National Suicide Prevention Week: While you’re taking care of others, who’s taking care of you?

Posted by Stephani Monhollon on Sep 3, 2021 7:00:00 AM
5 minute read

On any given day, clinicians can be stretched thin due to the volume of patients they treat and their administrative responsibilities. This is especially true for clinicians who work in hospital emergency departments, intensive care units, surgical and cardiac wards and other high-acuity areas. Add the COVID-19 pandemic to the mix, causing a shortage of beds, reduced staff, long hours and increased exposure to trauma, and you have a perfect storm for compromised mental health and burnout. While burnout results from chronic workplace stress and its solutions require attention to practice workflows and efficiencies, staffing and resources and a supportive workplace culture, individual wellness and resiliency cannot be overlooked.


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Dealing with COVID-related illness and deaths day in and day out has taken a toll on the entire caregiver community. Watching people die without loved ones by their side has compounded the feelings of helplessness and devastation for health care workers.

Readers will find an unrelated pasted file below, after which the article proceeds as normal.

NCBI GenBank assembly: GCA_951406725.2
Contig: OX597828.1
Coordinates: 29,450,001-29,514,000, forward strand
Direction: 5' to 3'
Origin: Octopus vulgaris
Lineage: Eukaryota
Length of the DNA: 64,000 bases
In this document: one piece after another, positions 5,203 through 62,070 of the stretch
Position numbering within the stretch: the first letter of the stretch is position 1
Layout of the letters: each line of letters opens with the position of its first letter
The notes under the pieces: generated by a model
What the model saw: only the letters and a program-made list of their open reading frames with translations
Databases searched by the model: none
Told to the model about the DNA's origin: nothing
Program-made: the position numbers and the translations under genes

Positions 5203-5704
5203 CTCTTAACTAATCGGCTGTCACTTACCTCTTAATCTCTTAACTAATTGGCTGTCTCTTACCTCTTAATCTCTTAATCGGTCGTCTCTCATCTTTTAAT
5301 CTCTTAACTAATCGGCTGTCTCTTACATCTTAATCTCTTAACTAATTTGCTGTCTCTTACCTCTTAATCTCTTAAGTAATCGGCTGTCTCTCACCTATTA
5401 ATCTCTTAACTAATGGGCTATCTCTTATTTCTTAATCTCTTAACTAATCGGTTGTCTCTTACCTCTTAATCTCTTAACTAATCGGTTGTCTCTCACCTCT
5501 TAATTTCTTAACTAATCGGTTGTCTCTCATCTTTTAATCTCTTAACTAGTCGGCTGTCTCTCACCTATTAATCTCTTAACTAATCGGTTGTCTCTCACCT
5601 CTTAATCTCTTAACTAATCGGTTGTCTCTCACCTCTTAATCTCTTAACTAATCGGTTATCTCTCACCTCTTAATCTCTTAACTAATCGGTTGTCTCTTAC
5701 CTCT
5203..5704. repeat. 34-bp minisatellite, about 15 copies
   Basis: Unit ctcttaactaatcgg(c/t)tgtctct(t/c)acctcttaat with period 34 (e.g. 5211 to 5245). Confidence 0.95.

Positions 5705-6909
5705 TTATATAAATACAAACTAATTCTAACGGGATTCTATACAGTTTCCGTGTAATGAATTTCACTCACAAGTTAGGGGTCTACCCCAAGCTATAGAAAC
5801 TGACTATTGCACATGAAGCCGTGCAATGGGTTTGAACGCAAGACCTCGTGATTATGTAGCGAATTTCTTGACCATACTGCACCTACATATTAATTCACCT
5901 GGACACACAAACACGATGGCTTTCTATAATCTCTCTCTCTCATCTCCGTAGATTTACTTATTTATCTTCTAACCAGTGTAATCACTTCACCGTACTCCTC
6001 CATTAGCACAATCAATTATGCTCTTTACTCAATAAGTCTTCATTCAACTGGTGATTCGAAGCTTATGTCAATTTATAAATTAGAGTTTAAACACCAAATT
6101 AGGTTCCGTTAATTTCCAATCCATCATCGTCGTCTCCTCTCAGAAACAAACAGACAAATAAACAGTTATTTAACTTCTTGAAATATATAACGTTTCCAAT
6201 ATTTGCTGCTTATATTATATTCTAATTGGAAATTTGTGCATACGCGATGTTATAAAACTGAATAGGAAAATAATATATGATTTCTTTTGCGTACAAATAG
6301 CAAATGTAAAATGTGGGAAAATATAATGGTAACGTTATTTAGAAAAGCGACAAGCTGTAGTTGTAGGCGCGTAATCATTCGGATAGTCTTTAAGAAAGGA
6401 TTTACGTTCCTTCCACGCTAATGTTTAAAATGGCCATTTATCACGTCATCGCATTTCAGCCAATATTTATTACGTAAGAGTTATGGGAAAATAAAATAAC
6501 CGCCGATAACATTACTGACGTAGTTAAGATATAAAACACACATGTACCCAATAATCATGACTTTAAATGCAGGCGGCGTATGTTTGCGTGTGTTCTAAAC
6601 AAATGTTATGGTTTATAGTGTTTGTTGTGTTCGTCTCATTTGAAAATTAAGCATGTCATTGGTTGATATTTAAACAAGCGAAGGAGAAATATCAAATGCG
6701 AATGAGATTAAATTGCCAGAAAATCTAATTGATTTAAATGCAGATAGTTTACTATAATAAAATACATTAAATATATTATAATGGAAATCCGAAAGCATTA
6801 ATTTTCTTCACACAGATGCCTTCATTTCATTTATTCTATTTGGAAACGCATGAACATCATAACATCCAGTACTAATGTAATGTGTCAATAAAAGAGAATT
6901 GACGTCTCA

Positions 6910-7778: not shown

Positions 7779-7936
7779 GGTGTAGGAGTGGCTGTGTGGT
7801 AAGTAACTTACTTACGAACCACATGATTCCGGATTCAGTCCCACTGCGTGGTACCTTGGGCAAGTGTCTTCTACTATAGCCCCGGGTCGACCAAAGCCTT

For some, there is no time to take a break and recharge when myriad patients need care and no one is available to help cover shifts. For others, the stigma that accompanies asking for help causes them to suppress their emotions with no viable outlet. These and other compounding issues are thought to contribute, in part, to an estimated 300 to 400 physician suicides reported annually, and raise the question of whether these deaths could have been prevented.

Take action: Break the cycle

While there is no simple, immediate fix, there are many actions health care professionals can take to care for themselves and each other. Most importantly, these proactive measures may help save lives. 

Action 1: Strength in the team 

Community is extremely important. Medical professionals who can ban together as a community, as a family, are much better equipped to help each other through the most difficult times.

“Resiliency is not one person’s responsibility,” said Jorge Del Toro, M.D., vice president of medical affairs for Mednax® National Medical Group. “Look around you and see there are others with whom you share a common mission. That’s the strength we need to move forward and help each other through tough times.”

Dr. Del Toro believes that finding time to get together as a team and openly discuss the emotional challenges of the job provides an outlet and promotes strength and resilience among colleagues. 

“Storytelling in medicine, where these professionals can share some of their good stories along with some of their bad stories, has real emotional power,” he said.

Action 2: Build a support system

Forge an alliance with those closest to you. Identifying friends and family you can count on 24/7 to help you through your darkest hours is vital. Those are the people you can hold accountable to support your mental health and wellness, and vice versa. Make a two-way pact that allows you to have open, honest discussions when you or an ally is struggling.